That Little Thing

Welcome to the May Carnival of Natural Parenting: Role model

This post was written for inclusion in the monthly Carnival of Natural Parenting hosted by Code Name: Mama and Hobo Mama. This month our participants have waxed poetic about how their parenting has inspired others, or how others have inspired them. Please read to the end to find a list of links to the other carnival participants.

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Image: Salvatore Vuono / FreeDigitalPhotos.net

I am conflict-averse, particularly when it comes to the internet. I understand that some of my parenting beliefs diverge from the mainstream and might arouse debate. This is why I generally keep my more controversial opinions to myself unless I know my audience is receptive. So when I recently posted a pro-intactivism message on my Facebook status, I did so with trepidation.

Would I be heckled? Would I receive jeers? Would someone call me offensive and de-friend me?

I mulled over the possibilities.

The post remained largely ignored on my Wall.

Then I received a response from a friend from my undergraduate days.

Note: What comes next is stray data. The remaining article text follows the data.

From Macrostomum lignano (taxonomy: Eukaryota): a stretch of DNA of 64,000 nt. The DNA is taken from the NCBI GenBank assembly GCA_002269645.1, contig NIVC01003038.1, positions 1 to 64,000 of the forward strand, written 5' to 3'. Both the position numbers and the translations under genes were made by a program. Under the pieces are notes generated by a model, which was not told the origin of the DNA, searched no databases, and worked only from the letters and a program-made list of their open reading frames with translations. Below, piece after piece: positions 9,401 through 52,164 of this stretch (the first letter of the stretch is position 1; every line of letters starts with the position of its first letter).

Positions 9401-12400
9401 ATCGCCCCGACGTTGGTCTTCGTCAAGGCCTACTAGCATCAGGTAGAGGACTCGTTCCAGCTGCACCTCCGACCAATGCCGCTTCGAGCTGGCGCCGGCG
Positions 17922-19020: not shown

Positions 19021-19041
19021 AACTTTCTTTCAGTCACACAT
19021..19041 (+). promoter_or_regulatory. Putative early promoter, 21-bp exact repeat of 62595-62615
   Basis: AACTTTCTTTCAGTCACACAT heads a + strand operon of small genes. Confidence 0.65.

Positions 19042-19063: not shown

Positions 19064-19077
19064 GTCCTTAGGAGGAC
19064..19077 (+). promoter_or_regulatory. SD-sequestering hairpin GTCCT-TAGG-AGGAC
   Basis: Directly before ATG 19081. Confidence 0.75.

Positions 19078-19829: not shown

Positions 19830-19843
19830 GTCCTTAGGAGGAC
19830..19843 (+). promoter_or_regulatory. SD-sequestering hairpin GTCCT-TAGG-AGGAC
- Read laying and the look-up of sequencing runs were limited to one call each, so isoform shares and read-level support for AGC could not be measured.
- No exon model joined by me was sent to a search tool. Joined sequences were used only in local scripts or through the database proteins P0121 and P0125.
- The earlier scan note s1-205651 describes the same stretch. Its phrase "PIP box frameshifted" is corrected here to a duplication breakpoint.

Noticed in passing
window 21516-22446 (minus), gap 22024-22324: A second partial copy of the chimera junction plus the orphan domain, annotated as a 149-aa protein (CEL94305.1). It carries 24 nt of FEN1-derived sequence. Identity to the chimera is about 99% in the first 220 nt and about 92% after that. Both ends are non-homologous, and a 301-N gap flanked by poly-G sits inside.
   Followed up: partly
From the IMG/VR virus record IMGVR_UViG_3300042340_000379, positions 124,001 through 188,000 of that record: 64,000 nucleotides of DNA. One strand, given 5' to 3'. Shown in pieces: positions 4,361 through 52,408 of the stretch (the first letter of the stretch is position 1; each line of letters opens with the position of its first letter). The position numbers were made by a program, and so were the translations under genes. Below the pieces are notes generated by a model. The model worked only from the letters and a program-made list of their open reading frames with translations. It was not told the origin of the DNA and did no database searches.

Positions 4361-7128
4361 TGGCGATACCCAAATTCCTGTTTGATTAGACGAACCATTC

The simple note said, “Thank you for the information. I had no idea.”

Later I found out that she had a discussion with her fiance about not circumcising any future sons. She also got others in her immediate social circle talking about it too.

I have no idea how many people paid attention to that Facebook status. I have no idea how many dismissed it or were offended by it. I do know that my seemingly tiny act caused a ripple effect of education and action.

So I guess it’s true — the little things do count.

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Carnival of Natural Parenting -- Hobo Mama and Code Name: MamaVisit Code Name: Mama and Hobo Mama to find out how you can participate in the next Carnival of Natural Parenting!

Please take time to read the submissions by the other carnival participants:

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Posted on May 11, 2010, in Blog Carnival, Intactivism, Natural parenting. Bookmark the permalink. 29 Comments.

  1. Awesome. I feel the same way – to me, the one comment I get every few weeks that someone somewhere out there has reconsidered circumcision or weaning or elective cesarean section – that one comment is worth all of the hours I pour into my site.

  2. Absolutely. The internet has changed communication, we now throw our rocks into the void and often don’t know if they hit the ocean to cause a ripple or hit the beach with a thud. But the ocean we can reach is so much vaster, and every now and then a little wave comes back to us, making it all worthwhile.

  3. That is awesome! You never know :)

  4. I love getting the word out about keeping our babies intact. I also have that Facebook trepidation (and real-life-conversation trepidation), but if I keep my mouth shut, then what good is that? I can’t change anything by remaining silent. I’m so glad you got that wonderful comment.